The Great Global Retreat

Coca-Cola CEO Roberto Goizueta’s motto was “Think Global, Act Local.” Confused by this message, one of his successors, Doug Daft, changed it to “Think Local, Act Local.” Does either apply now? 

In 1965, media philosopher Marshall McLuhan coined the term “the global village.” That was 40 years before New York Times columnist Tom Friedman celebrated global interdependency in his 2005 book, The World Is Flat. In fact, in 1996, Friedman even more optimistically proclaimed that no two nations that both had McDonald’s franchises would wage war. Sadly, that wasn’t true in Africa, the Middle East or Central Europe back when he wrote it, and the 110 McDonald’s restaurants in Ukraine and 860 McDonald’s in Russia underscore just how naive the sentiment remains today.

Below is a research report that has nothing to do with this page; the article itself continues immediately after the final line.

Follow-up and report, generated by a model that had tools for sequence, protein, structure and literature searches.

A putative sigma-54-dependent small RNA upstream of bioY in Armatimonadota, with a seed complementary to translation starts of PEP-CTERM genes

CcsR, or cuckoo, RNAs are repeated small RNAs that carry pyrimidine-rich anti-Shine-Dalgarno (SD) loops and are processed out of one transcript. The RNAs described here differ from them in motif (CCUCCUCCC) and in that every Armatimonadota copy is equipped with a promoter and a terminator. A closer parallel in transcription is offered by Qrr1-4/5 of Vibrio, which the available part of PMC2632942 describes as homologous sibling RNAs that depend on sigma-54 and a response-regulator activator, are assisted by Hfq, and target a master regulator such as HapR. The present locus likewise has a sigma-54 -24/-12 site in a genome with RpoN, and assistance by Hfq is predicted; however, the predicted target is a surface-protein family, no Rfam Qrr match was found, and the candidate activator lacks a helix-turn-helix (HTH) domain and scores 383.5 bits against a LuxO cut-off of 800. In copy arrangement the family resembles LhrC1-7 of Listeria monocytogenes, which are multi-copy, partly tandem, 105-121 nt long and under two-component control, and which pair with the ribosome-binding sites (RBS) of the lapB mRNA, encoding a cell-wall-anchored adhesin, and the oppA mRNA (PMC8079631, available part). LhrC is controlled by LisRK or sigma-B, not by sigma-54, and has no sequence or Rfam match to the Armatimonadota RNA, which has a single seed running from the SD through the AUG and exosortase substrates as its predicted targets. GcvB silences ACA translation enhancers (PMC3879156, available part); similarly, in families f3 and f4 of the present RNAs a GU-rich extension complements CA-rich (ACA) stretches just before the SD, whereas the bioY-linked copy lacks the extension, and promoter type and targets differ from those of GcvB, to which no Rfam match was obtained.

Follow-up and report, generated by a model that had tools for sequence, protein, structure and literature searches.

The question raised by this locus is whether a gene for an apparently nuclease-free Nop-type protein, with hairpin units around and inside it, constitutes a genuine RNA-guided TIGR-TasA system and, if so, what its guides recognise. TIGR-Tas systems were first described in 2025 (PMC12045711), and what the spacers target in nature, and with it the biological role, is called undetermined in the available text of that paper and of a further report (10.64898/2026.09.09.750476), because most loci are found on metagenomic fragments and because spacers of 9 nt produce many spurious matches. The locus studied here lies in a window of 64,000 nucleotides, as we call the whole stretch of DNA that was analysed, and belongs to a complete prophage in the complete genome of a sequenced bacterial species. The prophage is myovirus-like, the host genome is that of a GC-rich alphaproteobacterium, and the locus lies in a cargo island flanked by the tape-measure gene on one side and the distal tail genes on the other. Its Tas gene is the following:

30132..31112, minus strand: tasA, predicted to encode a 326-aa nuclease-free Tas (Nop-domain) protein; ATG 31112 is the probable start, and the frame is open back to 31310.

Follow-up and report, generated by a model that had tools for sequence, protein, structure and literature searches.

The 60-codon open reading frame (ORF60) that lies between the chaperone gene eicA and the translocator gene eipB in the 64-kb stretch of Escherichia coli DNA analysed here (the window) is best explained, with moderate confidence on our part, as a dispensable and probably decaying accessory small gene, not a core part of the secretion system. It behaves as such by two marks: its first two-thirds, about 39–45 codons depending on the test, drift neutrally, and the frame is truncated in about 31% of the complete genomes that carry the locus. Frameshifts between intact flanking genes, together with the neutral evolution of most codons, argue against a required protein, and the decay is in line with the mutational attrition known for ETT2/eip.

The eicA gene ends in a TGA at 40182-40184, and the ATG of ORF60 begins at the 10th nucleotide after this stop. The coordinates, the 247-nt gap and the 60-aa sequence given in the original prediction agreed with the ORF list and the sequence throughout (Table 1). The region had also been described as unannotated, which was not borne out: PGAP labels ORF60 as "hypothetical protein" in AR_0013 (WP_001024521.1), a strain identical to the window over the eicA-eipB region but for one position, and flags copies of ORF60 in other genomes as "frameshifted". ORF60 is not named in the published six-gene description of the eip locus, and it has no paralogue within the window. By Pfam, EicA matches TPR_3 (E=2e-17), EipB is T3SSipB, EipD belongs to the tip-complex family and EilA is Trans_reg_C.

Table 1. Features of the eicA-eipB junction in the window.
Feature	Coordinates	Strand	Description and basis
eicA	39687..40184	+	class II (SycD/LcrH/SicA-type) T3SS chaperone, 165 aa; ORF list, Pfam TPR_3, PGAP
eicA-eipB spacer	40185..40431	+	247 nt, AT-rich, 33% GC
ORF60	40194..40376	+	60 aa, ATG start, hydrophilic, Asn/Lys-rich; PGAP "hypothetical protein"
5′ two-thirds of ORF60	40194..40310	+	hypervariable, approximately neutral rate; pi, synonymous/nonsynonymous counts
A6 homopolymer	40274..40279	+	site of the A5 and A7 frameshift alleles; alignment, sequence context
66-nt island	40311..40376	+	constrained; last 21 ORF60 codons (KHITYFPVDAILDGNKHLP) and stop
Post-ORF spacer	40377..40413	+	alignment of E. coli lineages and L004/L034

BlackRock CEO Larry Fink recently remarked on the fizzling of the era of globalization in his firm’s annual report. “The Russian invasion of Ukraine has put an end to the globalization we have experienced over the last three decades,” he wrote. 

This sudden shift in sentiment has come as something of a shock to business leaders and CEOs, given that the promotion of business economic interdependence beyond simple mercantile colonization has been a steady drumbeat since economist David Ricardo’s theory of comparative advantage.

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